Spectral-domain optical coherence tomography scanning was conducted with 3D SOCT 2000 (Topcon Corporation 75-1, Hasunuma-cho, Itabashi-ku, Tokyo 174-8580, Japan). The device is characterized by 5-6 μm in-depth resolution, 2.3 mm penetration depth, 50000 A-scans per second (acquisition speed), and 580 nm center wavelength. We chose this device because of the convenience and speed of scanning, its ability to generate a fundus image for each scan, its ability to analyze the retinal nerve fiber layer (RNFL), ganglion cell-inner plexiform layer complex (GCL-IPL,) and its accurate macular scans. In addition, this equipment allows one to generate 3D images, hence the scanned image can be viewed in three dimensions. SD-OCT evaluated parameters such as foveal retinal thickness, macular morphology, RNFL thickness (in the region of the optic nerve ‘disc scan’ and the area of the macula ‘macula V’ scan), and the GCL-IPL complex thickness ‘macula V’ scan. Retinal layers were estimated as follows: the RNFL: from the inner limiting membrane to the RNFL/GCL and the GCL-IPL: from the RNFL/GCL to the IPL/inner nuclear layer. The manufacturer’s normative reference database was used in the evaluation of our results. Because of the emergence of cataracts in a female patient, we excluded her results from the analysis.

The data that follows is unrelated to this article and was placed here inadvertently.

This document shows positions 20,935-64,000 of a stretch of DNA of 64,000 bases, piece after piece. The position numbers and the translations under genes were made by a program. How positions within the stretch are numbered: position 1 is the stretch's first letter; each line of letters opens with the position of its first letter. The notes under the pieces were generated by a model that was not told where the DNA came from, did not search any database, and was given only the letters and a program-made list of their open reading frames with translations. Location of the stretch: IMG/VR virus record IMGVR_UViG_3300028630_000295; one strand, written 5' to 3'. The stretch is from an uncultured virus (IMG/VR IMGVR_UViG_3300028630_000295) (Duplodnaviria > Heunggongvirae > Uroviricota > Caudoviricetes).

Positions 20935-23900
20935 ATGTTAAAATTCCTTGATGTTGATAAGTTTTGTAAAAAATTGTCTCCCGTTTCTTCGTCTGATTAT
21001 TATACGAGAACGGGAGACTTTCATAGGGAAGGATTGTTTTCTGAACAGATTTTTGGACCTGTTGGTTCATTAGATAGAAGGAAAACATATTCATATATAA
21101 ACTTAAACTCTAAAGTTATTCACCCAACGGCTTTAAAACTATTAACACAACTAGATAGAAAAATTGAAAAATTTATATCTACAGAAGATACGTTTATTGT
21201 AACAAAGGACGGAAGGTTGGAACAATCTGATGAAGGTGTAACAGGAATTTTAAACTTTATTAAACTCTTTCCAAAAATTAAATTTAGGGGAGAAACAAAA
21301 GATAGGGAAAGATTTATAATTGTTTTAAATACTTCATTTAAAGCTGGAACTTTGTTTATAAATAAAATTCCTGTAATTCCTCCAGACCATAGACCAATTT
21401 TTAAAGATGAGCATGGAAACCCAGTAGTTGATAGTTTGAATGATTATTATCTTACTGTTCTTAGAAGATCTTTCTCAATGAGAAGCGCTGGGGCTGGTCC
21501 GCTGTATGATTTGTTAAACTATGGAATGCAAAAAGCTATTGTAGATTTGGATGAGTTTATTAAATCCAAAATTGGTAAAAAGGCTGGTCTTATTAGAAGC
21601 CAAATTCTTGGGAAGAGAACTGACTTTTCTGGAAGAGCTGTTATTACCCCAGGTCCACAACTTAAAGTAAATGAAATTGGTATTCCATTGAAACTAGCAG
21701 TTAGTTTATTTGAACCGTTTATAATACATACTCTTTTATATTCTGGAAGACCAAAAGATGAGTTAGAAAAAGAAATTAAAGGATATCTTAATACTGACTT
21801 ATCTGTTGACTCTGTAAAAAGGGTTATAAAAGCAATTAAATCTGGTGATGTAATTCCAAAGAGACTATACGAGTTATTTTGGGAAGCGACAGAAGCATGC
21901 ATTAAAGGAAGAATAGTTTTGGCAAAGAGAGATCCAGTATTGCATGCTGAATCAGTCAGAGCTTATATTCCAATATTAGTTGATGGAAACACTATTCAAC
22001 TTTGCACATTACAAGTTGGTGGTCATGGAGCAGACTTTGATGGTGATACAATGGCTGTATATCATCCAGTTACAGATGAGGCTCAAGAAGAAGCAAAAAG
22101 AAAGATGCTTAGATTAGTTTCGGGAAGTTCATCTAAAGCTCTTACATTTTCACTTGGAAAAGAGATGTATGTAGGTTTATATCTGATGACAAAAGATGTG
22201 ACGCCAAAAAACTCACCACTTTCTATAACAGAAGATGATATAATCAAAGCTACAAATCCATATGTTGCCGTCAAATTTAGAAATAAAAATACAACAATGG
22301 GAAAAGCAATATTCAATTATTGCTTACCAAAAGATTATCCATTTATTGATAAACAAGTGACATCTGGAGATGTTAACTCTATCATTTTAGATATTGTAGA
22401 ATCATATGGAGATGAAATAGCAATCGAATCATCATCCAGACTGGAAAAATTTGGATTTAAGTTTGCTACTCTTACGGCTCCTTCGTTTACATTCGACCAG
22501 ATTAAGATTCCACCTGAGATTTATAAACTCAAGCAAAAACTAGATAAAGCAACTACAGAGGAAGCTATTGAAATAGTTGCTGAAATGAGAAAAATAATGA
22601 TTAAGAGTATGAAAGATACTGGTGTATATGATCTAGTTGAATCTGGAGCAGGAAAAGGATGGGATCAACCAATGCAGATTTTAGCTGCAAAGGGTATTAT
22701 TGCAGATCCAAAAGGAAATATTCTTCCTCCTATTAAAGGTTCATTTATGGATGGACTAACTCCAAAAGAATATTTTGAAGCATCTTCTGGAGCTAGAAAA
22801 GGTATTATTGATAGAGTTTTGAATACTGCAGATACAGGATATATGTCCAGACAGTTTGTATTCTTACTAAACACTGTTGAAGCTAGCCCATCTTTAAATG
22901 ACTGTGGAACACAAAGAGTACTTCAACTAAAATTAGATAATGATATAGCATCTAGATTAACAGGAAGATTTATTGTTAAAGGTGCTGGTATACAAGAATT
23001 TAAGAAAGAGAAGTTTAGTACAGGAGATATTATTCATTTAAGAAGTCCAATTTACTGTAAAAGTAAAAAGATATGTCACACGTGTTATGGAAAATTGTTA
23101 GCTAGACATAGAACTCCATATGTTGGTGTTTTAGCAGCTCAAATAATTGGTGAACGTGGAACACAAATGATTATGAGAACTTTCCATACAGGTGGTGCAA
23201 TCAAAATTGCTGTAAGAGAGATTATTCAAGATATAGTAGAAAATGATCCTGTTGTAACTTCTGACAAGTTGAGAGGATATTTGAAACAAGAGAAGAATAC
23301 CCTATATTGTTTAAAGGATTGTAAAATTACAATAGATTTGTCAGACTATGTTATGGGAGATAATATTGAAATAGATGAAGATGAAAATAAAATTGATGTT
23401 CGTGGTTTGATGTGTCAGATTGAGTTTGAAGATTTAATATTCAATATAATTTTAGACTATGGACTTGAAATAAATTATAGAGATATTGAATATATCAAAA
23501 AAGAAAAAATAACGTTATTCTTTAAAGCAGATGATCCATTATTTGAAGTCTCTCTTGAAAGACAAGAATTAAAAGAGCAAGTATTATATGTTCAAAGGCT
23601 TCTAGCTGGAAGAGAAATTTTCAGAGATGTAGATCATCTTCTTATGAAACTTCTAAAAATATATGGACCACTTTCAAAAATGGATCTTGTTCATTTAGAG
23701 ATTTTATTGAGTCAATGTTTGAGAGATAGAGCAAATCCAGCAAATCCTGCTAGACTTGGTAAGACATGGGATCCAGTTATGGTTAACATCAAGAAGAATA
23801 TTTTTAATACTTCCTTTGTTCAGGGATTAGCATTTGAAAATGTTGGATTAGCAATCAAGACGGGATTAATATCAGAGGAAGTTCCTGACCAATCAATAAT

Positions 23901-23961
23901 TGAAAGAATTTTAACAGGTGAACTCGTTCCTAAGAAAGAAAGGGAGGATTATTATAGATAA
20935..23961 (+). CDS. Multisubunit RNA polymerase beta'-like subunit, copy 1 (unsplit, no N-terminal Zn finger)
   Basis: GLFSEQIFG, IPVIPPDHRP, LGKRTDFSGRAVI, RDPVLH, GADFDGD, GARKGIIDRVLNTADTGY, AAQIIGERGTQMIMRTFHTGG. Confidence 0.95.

All statistical calculations were done with DELL INC. software (2016) Dell Statistica (data analysis software system), version 13 (software.dell.com), and the Excel spreadsheet. The significance of differences between two groups was evaluated by Student’s t-test and Mann-Whitney U test. The chi-Square test of independence was used for qualitative variables. In all performed calculations, the significance level was set at p = 0.05.

Results

In the first examination, the anterior segment of the eye was unremarkable. The macula and the retina remained unchanged. The only pathological sign was papilledema in the affected eye (Fig. 1).

Figure 1. Papilledema of the right eye of a patient after a kidney transplant treated with tacrolimus

In the perimetric examination, we observed concentric narrowing of the visual field.